forearm

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Related to Wrist muscles: Forearm muscles

forearm

the part of the arm from the elbow to the wrist

Forearm

 

the part of the human upper limb from above the elbow to the hand. The radius and ulna are the skeletal foundation of the forearm and form the distal and proximal radioulnar articulation, which make possible rotational movements around the axis of the ulna. The bones of the forearm serve as points of attachment of the muscles that move the shoulder, wrist, and fingers. Deep vessels and nerves are found in the intermuscular spaces of the forearm. These include the radial and ulnar arteries and veins and the radial, ulnar, and median nerves. The subcutaneous fatty tissue of the forearm contains superficial nerves and veins. Traumas can involve not only injury to soft tissue but also possible simple or compound fractures of one or both bones of the forearm; frequently, the lower joint end of the radius is involved.

forearm

[′fȯr‚ärm]
(anatomy)
The part of the upper extremity between the wrist and the elbow. Also known as antebrachium.
References in periodicals archive ?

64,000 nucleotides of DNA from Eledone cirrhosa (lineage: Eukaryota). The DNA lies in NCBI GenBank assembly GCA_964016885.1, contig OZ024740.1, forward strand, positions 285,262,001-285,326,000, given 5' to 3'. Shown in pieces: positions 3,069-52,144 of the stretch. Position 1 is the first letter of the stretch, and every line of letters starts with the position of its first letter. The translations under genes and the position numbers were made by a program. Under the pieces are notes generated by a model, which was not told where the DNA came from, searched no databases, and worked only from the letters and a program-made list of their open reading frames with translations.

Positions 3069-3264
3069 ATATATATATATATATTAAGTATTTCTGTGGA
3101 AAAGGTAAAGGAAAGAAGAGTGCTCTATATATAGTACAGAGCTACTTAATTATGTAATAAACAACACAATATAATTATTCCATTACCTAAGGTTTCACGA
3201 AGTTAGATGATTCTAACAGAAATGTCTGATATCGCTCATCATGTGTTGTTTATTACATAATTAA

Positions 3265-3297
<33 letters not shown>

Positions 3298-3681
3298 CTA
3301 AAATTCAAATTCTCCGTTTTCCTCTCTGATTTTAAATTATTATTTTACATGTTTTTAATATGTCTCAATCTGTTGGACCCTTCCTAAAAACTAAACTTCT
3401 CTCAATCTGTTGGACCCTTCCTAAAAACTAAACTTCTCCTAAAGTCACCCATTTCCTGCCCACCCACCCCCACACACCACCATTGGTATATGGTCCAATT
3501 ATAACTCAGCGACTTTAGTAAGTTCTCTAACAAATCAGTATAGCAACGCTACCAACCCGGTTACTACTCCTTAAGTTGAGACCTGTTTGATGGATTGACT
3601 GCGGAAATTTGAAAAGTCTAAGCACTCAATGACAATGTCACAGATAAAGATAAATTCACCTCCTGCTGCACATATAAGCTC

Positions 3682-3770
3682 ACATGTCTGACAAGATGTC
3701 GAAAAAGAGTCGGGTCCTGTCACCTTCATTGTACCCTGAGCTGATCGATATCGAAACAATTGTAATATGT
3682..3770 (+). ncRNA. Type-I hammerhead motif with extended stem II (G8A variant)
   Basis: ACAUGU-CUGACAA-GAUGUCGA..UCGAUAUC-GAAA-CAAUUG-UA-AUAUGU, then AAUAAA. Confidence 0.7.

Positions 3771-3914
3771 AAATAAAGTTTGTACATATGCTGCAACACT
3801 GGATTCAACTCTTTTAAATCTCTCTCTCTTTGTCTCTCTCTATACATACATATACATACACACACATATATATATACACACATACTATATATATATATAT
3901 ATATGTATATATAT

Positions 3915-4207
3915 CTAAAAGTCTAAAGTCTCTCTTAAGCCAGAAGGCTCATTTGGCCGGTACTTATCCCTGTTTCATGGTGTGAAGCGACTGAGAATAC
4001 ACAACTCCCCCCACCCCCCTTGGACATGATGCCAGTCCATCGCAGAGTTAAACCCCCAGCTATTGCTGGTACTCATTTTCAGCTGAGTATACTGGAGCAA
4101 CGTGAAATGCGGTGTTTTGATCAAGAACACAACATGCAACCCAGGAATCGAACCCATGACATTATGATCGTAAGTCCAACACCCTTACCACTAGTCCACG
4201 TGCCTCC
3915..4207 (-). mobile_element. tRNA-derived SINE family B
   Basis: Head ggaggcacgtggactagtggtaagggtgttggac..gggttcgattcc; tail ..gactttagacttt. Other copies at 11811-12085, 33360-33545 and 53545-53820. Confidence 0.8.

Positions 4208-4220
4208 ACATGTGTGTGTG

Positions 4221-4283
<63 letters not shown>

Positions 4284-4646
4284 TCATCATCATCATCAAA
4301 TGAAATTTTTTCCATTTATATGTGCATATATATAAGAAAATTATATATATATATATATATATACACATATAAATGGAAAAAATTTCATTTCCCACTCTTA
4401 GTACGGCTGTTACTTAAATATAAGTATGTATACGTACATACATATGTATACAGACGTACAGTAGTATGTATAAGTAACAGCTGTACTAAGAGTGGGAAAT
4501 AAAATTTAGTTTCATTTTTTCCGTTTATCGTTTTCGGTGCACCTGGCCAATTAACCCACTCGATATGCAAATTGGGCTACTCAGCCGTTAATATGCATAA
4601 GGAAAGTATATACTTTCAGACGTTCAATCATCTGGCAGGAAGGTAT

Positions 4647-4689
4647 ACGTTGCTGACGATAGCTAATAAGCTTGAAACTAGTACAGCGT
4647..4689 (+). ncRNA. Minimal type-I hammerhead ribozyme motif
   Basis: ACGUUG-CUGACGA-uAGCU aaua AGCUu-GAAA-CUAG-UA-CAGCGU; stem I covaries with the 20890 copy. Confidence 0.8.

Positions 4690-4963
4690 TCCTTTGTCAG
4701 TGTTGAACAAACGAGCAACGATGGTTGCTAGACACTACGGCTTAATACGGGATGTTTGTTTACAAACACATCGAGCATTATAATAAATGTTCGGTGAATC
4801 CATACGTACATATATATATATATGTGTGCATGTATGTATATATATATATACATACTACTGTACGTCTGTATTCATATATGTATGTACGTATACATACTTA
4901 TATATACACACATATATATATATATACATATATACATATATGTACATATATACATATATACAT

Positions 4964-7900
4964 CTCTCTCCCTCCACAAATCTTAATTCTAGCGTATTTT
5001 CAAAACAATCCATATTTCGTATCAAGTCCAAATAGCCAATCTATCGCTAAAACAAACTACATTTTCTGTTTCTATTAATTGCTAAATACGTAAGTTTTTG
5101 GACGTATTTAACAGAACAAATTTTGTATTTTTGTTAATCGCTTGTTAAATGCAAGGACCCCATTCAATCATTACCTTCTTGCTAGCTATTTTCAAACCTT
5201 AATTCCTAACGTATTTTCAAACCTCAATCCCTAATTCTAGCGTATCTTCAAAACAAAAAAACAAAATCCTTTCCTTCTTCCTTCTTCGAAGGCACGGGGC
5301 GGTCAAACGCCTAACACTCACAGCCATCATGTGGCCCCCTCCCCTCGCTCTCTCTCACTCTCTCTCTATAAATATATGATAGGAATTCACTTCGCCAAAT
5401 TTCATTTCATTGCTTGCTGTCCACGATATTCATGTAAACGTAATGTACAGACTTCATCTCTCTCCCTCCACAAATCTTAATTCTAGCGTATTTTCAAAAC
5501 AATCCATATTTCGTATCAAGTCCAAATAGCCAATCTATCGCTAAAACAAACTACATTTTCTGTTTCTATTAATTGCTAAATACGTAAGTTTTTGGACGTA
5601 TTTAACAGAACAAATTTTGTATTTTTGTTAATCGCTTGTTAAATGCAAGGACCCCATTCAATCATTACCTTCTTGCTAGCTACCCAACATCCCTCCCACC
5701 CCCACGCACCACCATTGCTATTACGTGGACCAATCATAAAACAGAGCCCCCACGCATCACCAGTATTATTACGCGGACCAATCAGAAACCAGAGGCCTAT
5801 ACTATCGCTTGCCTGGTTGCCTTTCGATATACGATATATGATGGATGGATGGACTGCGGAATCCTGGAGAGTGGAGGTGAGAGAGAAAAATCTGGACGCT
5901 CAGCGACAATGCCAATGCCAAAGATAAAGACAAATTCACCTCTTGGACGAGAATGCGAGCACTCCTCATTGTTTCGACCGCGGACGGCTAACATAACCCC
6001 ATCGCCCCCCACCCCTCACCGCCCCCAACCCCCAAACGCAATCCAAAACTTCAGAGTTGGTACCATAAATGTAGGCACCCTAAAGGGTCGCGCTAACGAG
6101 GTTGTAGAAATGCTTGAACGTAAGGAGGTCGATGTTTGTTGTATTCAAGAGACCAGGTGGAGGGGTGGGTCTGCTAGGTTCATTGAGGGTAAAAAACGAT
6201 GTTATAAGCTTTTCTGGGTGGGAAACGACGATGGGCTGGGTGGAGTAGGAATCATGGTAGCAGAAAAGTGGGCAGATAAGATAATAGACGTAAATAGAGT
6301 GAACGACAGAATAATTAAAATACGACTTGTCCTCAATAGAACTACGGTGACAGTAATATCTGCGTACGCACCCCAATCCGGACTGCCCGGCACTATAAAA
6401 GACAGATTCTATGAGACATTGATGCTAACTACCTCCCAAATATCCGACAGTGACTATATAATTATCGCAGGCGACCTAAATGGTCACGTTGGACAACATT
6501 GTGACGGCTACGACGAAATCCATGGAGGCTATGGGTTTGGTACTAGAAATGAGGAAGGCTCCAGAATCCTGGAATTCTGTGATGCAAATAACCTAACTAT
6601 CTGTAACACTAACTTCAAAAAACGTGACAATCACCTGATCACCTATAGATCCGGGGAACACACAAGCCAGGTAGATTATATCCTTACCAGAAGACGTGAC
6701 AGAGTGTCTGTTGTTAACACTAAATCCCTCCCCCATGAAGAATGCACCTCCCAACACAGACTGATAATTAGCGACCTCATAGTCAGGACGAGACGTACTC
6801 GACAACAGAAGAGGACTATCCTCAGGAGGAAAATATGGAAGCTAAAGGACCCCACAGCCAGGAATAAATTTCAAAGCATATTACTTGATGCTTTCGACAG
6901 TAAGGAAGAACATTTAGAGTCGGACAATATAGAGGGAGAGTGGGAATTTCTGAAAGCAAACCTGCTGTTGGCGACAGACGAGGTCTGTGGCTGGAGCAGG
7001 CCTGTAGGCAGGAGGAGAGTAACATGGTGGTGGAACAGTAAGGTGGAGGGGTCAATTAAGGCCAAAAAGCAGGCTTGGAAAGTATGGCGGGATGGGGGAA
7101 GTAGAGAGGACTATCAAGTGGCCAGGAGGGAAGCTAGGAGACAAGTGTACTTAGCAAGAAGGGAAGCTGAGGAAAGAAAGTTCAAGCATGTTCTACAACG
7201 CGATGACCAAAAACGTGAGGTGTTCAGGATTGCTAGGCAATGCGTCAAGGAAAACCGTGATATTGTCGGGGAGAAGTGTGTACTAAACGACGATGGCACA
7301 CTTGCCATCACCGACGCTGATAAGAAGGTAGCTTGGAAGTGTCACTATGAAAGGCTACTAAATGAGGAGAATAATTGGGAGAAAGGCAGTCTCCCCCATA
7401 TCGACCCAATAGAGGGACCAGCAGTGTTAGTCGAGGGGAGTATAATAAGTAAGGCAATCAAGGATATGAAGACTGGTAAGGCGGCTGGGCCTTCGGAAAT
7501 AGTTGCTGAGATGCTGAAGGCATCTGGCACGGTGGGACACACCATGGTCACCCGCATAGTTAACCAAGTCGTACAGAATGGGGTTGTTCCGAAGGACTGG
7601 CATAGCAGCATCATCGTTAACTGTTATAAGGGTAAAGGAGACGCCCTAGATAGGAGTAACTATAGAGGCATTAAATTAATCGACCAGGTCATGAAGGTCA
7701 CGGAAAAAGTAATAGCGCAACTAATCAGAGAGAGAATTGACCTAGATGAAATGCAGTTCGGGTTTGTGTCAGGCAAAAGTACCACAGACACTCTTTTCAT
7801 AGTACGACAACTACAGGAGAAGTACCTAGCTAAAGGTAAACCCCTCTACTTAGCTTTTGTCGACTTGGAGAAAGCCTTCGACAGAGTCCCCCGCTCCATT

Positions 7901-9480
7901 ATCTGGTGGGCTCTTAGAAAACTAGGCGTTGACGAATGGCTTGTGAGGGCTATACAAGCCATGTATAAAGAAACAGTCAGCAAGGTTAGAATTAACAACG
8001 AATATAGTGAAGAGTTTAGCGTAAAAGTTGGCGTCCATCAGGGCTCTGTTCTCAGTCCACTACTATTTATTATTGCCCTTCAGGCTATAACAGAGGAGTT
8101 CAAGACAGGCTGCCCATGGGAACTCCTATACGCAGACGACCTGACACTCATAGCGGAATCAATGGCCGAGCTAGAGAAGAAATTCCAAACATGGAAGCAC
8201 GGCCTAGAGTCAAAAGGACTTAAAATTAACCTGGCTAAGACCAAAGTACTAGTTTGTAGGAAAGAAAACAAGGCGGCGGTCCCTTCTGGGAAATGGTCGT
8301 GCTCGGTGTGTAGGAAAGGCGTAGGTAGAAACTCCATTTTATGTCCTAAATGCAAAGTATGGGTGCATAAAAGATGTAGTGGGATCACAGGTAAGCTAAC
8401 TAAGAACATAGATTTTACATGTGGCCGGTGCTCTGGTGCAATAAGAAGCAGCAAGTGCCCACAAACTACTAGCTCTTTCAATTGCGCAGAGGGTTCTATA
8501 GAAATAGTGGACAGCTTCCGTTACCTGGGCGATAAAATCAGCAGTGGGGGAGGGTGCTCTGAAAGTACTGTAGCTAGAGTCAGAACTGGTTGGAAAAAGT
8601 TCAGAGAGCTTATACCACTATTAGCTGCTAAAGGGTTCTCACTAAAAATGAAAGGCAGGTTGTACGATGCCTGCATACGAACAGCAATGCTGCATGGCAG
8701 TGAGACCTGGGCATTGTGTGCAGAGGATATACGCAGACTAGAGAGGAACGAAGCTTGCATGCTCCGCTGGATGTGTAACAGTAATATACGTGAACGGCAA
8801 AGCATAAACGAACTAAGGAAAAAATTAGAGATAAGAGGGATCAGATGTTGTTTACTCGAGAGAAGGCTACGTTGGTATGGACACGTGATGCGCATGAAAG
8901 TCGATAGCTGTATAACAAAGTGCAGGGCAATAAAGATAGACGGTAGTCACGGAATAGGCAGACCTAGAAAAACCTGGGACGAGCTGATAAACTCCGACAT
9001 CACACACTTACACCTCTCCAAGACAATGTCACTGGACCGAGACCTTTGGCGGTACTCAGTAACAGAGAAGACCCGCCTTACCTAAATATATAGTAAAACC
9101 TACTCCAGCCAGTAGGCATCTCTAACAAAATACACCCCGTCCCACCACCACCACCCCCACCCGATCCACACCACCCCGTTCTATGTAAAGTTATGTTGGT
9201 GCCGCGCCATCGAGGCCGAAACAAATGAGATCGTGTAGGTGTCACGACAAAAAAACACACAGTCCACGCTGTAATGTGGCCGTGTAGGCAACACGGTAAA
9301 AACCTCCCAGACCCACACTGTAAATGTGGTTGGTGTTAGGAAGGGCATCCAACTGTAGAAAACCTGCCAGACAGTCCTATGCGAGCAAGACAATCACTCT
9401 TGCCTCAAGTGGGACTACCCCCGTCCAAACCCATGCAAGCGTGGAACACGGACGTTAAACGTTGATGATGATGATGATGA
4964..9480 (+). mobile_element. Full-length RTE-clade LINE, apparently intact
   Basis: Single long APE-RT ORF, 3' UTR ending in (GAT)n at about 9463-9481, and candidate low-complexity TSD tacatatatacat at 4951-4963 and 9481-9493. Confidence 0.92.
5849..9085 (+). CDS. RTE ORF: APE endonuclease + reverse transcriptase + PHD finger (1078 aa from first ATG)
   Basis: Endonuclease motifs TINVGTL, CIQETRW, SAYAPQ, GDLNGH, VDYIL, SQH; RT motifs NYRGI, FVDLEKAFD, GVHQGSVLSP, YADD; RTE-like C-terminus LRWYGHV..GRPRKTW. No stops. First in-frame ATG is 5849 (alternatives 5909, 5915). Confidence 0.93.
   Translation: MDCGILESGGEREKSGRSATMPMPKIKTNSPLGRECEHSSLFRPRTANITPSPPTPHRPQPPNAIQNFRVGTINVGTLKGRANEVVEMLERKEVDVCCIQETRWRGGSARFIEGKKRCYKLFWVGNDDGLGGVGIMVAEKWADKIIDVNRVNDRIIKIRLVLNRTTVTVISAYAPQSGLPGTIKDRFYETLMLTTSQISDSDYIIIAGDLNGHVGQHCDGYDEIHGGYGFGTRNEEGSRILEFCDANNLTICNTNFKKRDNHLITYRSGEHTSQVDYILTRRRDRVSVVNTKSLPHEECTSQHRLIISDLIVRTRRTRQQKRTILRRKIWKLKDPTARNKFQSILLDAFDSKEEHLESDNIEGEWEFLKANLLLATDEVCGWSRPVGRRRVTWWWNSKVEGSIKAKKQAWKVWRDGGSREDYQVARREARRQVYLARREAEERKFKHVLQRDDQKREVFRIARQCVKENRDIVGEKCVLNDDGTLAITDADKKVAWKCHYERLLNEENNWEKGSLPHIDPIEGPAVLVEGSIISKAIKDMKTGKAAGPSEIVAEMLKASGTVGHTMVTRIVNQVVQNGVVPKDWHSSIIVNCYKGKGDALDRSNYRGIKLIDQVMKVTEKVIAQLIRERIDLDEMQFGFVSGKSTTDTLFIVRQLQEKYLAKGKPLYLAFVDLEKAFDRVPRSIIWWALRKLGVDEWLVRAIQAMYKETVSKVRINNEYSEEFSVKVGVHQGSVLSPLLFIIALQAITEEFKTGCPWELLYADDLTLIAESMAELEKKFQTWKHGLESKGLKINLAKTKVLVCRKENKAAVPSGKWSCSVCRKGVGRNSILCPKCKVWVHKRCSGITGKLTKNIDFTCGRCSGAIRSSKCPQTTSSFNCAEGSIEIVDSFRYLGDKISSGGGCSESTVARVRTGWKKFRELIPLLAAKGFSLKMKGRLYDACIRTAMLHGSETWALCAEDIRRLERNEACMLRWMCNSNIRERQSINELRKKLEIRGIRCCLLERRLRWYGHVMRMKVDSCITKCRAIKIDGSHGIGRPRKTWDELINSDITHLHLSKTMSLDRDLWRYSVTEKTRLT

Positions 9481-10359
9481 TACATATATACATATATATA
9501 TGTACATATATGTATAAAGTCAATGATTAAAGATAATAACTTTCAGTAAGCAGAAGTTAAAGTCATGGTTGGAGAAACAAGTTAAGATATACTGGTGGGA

9) Wrist muscle trained, n (%) Extensors 13 (87) 15 (94) Flexors 2 (13) 1 (6) ASIA Scale, n (%) A 9 (60) 6 (38) B 0 (0) 4 (25) C 3 (20) 2 (12) D 3 (20) 4 (25) Initial muscle grade, n (%) 2 4 (27) 0 (0) 2.
Ergonomic studies show that the traditional computer mouse stresses the delicate hand and wrist muscles, which can lead to repetitive stress injuries.
They found that the untrained wrist muscles of the four long-distance runners studied maintained force better during prolonged exercise -- involving repeated wrist flexion against a resisting bar -- than did those of five healthy but relatively sedentary sex-matched individuals of comparable age.
Stretching and strengthening specific wrist muscles and changing the position of the wrist while in use are also advised.